A new contract between the city of Utica and its police union was approved Monday, with both city and union officials praising new pay raises, increased tuition reimbursements and other benefits.
Utica’s Board of Estimate and Apportionment approved the contract between the city and the John E. Creedon Police Benevolent Association in a five-to-zero vote at their meeting Monday morning, according to city records. The five-year contract, which is retroactive to 2021, includes salary increases of 3.2% per year over the five-year period, the city said in a statement released Tuesday.
Under the new contract, officers entering the police academy will start at around $52,000 a year; after five years a patrolman would make around $90,000 a year, PBA President Josh Harrington explained Tuesday.
“I think it’s a well-deserved raise for the men and women in the department,” Utica police Chief Mark Williams said Tuesday.
Both Williams and Harrington said they hoped the salary increases will improve staffing at the department. Williams said there are currently five vacancies at the department that they hope to fill with either lateral transfers or police academy graduates next spring.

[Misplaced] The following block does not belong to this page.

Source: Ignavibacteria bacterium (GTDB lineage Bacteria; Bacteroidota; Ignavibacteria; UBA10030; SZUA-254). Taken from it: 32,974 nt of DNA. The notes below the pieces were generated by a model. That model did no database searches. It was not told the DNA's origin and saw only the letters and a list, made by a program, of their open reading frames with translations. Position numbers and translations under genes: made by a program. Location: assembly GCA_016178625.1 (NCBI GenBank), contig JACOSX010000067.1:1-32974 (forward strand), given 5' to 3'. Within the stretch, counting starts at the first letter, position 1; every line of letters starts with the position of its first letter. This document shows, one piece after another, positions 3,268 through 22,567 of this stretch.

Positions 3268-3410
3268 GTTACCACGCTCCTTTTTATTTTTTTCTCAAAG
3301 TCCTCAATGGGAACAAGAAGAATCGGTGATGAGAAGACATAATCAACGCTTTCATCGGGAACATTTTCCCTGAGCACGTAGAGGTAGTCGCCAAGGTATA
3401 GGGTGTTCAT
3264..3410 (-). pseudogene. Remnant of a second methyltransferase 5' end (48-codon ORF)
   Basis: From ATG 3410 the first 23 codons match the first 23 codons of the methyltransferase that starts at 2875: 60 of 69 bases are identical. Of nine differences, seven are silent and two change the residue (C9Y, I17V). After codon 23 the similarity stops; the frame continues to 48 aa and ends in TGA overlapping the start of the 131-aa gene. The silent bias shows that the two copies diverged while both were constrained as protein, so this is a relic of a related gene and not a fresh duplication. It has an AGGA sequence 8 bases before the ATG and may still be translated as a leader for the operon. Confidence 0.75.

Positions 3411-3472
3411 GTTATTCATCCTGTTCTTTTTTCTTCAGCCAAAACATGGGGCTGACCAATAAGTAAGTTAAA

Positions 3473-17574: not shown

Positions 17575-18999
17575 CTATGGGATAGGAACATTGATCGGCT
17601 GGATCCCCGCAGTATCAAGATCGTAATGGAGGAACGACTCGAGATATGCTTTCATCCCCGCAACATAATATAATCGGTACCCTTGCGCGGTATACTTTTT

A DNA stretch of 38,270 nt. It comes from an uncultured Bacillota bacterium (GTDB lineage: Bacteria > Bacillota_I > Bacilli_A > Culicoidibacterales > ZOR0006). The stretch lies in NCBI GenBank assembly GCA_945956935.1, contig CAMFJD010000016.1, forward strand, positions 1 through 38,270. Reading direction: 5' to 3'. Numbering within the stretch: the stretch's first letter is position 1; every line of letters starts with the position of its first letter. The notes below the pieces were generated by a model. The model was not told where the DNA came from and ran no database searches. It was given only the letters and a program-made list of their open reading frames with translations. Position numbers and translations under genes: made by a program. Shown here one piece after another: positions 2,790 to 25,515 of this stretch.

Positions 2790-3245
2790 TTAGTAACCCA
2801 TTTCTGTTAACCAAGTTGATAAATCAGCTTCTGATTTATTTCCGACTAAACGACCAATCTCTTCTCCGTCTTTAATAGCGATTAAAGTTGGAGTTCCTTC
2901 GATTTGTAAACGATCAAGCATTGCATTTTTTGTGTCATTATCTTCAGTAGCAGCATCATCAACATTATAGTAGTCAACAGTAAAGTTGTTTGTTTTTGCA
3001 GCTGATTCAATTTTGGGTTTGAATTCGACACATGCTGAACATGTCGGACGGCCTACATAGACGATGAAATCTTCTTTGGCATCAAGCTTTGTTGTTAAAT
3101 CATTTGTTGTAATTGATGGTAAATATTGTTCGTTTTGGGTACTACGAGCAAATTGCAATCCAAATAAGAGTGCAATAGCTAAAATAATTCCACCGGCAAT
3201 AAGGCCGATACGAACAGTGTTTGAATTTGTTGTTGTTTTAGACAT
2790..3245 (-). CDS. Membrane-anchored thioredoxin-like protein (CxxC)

“The increase in wages makes us competitive in other departments,” Harrington, a patrolman at the Utica Police Department, said. “The pool of candidates are getting smaller and smaller. There are fewer people who want to be police officers.”
Harrington also highlighted an increase in tuition reimbursement from $35,000 to $65,000 to be split between members
“A lot of our members have bachelor’s and even master’s degrees,” he said, later adding, “We’re always looking to have better training, better education among our officers.”
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In a release Tuesday from the city, officials also credited the relationship with the PBA and the union’s ability to compromise, noting in 2018 the PBA agreed to increase employees’ healthcare contributions to 20%. Harrington said in this contract the union also agreed to switch to a self-insured plan.
“We understand that healthcare is a rising cost and it’s a huge burden on the city,” he said.
“I thank PBA President Josh Harrington for working collaboratively with the Administration on behalf of his membership,” Utica Mayor Robert Palmieri said in the city’s statement. “By engaging in substantive dialogue, the city and PBA were able to come to an amicable resolution which will benefit both parties.”
H. Rose Schneider covers public safety, breaking and trending news for the Observer-Dispatch. Email Rose at [email protected]
This article originally appeared on Observer-Dispatch: Utica, PBA settle on new contract for police officers